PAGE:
This was in today's newspaper:
quote:I've never seen "irrealistic" but I'd hesitate to call it an error, since the author is a chair-holding professor at Yale.
In social sciences or in English?
Well, I can only tell you that irrealistic is not found in dictionary.com nor in Onelook.
Chair or no chair, it's wrong.
The word he wants may be "unrealistic" though something like "ill-advised" might suit better.
Glaubt es mir - das Geheimnis, um die größte Fruchtbarkeit und den größten Genuß vom Dasein einzuernten, heisst: gefährlich leben.
- Friedrich Nietzsche
Read all about my travels around the world here.
Read even more of my travel writing and poems on my weblog.
Now, Shu, is this professor American?
I did find the use of irrealistic all over the Web, especially used by non-Americans. I found some really interesting sites looking for this, including a forum called Warfare HQ with generals from the U.S., Canada, the U.K., and with people stationed all over the world. Interesting!
Here is one way I saw it
I predict we will see this word soon in dictionaries.
bear: In social sciences or in English?
kalleh: Now, Shu, is this professor American?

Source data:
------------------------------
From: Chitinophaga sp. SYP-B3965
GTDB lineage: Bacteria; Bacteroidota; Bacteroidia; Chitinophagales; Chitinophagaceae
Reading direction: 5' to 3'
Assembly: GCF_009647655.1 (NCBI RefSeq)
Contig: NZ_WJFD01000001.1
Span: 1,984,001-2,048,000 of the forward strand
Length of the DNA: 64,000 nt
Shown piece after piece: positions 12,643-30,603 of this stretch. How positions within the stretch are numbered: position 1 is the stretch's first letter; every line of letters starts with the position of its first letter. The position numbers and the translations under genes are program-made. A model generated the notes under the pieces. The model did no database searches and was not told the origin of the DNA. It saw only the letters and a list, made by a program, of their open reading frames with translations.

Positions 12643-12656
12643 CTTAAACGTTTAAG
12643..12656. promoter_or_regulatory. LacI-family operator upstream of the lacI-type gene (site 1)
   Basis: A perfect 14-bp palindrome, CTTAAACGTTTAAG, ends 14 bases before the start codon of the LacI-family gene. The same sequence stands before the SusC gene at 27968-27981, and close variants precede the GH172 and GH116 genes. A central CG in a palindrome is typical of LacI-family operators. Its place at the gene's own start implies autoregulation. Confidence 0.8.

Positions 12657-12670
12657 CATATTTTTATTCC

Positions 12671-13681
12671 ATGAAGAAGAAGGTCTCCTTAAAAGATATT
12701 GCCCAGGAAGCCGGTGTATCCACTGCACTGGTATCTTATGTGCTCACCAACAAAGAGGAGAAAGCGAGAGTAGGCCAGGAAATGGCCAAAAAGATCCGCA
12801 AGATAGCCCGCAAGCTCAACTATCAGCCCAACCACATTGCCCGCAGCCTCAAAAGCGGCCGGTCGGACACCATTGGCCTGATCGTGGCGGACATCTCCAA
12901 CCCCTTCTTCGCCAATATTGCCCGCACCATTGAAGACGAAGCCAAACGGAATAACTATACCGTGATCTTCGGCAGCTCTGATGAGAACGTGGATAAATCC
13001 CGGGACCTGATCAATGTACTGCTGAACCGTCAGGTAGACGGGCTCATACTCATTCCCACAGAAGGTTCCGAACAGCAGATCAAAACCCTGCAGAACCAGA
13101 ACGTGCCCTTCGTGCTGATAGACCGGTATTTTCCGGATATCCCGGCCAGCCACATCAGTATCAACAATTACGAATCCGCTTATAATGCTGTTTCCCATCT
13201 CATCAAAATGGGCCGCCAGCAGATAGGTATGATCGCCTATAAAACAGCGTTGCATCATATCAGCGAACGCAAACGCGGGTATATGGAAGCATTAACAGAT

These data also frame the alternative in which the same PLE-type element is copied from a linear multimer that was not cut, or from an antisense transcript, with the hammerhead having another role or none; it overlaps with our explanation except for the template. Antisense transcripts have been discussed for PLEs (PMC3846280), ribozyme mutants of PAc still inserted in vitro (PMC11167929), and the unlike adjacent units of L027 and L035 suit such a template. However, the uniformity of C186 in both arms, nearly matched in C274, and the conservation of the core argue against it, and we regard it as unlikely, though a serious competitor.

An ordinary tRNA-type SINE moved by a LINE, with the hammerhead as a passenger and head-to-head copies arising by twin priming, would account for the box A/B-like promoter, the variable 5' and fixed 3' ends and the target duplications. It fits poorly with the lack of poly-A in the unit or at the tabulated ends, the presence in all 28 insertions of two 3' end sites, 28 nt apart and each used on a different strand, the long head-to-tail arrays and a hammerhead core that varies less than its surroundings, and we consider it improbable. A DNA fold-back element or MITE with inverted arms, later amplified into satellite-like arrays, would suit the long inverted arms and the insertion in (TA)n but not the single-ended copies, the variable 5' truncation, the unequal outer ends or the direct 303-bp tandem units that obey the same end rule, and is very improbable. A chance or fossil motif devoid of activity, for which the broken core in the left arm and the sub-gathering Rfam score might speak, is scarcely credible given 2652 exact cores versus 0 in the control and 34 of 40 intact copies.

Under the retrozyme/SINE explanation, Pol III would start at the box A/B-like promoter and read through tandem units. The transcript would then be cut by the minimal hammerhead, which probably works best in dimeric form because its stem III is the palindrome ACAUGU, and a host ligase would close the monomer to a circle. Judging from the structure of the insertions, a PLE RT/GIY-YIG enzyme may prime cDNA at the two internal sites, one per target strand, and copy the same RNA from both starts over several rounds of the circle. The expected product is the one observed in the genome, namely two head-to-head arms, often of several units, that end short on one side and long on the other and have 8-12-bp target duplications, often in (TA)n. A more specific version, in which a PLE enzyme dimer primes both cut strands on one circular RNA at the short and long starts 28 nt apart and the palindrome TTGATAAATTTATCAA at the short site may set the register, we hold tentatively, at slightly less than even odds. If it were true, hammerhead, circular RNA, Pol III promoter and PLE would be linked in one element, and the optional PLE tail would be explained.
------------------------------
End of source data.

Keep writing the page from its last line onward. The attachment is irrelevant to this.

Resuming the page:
You can get the text of the entire article by googling "These irrealistic adventures, while expensive in money and in blood,", and going to the cached copy.
The author is no lightweight. He was born in New York in 1930, was educated at Cornell and Yale, is professor of English at NYC as well as a professor of Humanities at Yale, and has received the Gold Medal of the American Academy of Arts and Letters.
[This message was edited by shufitz on Sat Oct 18th, 2003 at 17:04.]
has received the Gold Medal of the American Academy of Arts and Letters.
Which speaks ill of the Academy.
Not really. As I said, the term is used all over the Internet. Perhaps he was just trying to be quoted when OED finally decides to define it!
Curious about this author, I went to the Yale Web site and found this link.
He, indeed, sounds as though he knows what he is talking about.